It's Time to Prioritize Health Creation

Are We Too Late In Prioritizing Health Creation?

 

It's Time to Prioritize Health Creation

 

Post written by Pritpal S. Tamber

 

I’m a reductionist at heart so let’s start with a number – 20. This is the percentage that health care contributes to our health, according to Nancy Adler of the University of California, San Francisco. She was writing for ‘Investing in what works for American communities’, a project that calls on leaders from the public, private, and non-profit sectors to build on what we know is working to move the needle on poverty.

It’s worth taking a moment to reflect on that number. It’s small. And yet when you read about health, whether it’s in the mainstream media, academic journals or the effervescent health innovation scene, what you’re really reading about is health care. It’s very rare to read about health creation.

I’m saying this a lot these days and am always countered with the idea of prevention. There are two reasons why I am reserved about prevention.

First of all it’s a sort-of time-delayed conversation about health care masquerading as a conversation about health. Sure, the idea is to generate health but it’s predicated – and financially modelled – on reducing the likelihood of specific diseases, hence reducing the demand for health care. For me, despite appearances to the contrary, this locks it in the 20% space – health care not health creation.

The second reason why I am reserved about prevention is that it simply does not work – or at least does not work well enough, especially in the communities that need it most. While we know what people need to do to prevent disease we don’t know how to make them do it sustainably (indeed, the very idea of making people do something may be the core of the problem). Consequently what we’re seeing is that prevention – or wellness programmes – are a waste of money; for every $1 invested the return appears to be $0.48, and even that is considered an over-estimate.

So health care and prevention contribute only 20% to our health and the latter doesn’t even work. Now what?

The 80% that contributes to our health comes from our genes, our behaviours, social factors and the environment. We hear a lot about these topics and yet – if you really think about what you’re hearing – it’s largely based on reducing the cost of care. We’re using the value model we’ve developed for health care to assess the worthiness of the 80%. That makes no sense.

Isn’t it time we found a new model or models?

The investor, Esther Dyson, has recently written about this.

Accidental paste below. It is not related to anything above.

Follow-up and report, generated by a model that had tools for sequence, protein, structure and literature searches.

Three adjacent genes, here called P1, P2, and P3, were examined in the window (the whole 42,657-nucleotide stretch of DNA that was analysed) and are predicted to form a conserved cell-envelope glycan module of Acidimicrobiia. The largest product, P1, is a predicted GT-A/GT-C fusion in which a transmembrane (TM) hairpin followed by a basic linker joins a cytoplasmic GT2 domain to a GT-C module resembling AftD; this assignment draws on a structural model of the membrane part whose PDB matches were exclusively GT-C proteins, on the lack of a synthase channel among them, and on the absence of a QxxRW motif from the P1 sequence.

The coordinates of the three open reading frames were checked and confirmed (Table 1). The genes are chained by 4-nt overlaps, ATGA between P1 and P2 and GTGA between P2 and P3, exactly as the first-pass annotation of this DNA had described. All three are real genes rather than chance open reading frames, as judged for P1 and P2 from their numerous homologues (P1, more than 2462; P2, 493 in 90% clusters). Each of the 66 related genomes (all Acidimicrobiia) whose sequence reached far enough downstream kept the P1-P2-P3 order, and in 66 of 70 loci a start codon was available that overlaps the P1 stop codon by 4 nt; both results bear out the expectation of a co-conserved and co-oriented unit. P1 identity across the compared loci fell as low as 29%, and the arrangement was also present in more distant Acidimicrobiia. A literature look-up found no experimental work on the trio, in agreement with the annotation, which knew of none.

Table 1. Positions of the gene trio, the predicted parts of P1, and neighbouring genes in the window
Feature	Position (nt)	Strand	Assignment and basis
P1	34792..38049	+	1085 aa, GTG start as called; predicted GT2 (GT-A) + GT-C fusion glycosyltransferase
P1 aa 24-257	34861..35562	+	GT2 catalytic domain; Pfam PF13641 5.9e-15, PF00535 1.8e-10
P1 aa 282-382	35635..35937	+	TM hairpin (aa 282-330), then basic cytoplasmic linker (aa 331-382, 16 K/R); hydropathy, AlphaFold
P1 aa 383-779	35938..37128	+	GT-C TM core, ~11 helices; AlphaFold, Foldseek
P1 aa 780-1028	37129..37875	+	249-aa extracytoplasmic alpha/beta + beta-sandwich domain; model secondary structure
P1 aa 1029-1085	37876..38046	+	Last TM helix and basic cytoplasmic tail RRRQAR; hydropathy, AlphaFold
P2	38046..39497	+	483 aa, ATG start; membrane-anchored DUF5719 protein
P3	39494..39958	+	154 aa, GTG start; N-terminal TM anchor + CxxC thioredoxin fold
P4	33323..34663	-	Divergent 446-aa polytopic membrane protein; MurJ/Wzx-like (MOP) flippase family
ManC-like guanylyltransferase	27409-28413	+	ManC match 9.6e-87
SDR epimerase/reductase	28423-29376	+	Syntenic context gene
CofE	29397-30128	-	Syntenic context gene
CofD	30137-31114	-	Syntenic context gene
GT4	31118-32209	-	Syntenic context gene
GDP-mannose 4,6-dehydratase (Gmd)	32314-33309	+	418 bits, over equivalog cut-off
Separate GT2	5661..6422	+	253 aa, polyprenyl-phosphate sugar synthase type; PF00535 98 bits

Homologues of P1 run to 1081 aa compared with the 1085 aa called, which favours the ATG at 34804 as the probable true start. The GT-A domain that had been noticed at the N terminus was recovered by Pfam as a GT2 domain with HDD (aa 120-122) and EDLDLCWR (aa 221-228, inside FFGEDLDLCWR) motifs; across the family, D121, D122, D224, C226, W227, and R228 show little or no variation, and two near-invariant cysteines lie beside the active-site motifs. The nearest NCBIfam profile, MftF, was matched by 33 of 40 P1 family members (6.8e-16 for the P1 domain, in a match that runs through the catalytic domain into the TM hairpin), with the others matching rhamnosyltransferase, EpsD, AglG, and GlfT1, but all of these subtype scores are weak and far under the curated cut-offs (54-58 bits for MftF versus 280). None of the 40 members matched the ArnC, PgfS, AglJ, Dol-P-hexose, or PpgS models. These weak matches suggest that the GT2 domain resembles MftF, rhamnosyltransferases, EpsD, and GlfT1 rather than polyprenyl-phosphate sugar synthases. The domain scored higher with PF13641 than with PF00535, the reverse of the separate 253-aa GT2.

Producing health connotes an activity, not a state. You cannot simply avoid disease; you have to do something to promote creation of the desired capacity… Players in the health-production business include not just companies and employers, but also national and local governments, health systems, schools, and buildings. All of them have a long-term interest in the health of the people they serve…

 

However, she goes on to say:

 

Yet I confess to doubt. Getting the language right is easy compared to actually delivering on the promise.

 

My view is that the doubt hinges on the fact that we don’t yet have models to value health creation. The most inspiring I have seen to date remains this sketchy video by David Relph (see below), the Head of Strategy and Business Planning at University Hospitals Bristol, in which he suggests using social impact bonds. There’s something deeply authentic about David’s work – it’s scrappy, exploratory, not slick. It feels like the visual manifestation of the uncertainty and ambiguity in which we have to find new forms of health-related value.

We have to start experimenting in the 80% - and we have to accept that we don’t know what we’ll find. We have to pool what we learn to slowly start building the value model or models. I believe that new forms of health-related value sits in our networks and communities, and are defined by what people want to achieve in their lives. By nature, this means it’s complex, making the potential value emergent – in essence, unpredictable. We realise this is an issue for investors but we need to find ways to release money for careful but courageous experimentation in health creation.Although it may feel overwhelming there are two movements out there that give me hope. The Democracy Collaborative is doing sterling work linking the operations of ‘anchor institutions’ – major local employers – to better outcomes for local communities. They’ve come up with a number of indicators to guide people, all of which are based on analysing case studies. In the US, hospitals are often anchor institutions so it’s an interesting question to ask how they create community value above and beyond dealing with sickness (how many hospitals do you know are asking themselves that question?).

The second movement is collective impact, the idea that a group of actors from different sectors can join forces to solve a complex social problem. In a recent blog a funder of collective impact said:

 

It’s a testament to the stickiness of the ideas behind collective impact that three years in, many people…remain pretty jazzed about the idea and its possibilities—but also deeply unsure about what exactly it is…

 

The question that Esther Dyson and we have to answer is how we make health creation a sticky idea, something that will jazz people enough to experiment. To paraphrase Nancy Adler’s writing, it’s too early to provide an explicit formula for how to create health but it’s not too early to start experimenting.

Indeed, it might be getting too late.

 

 

 

 

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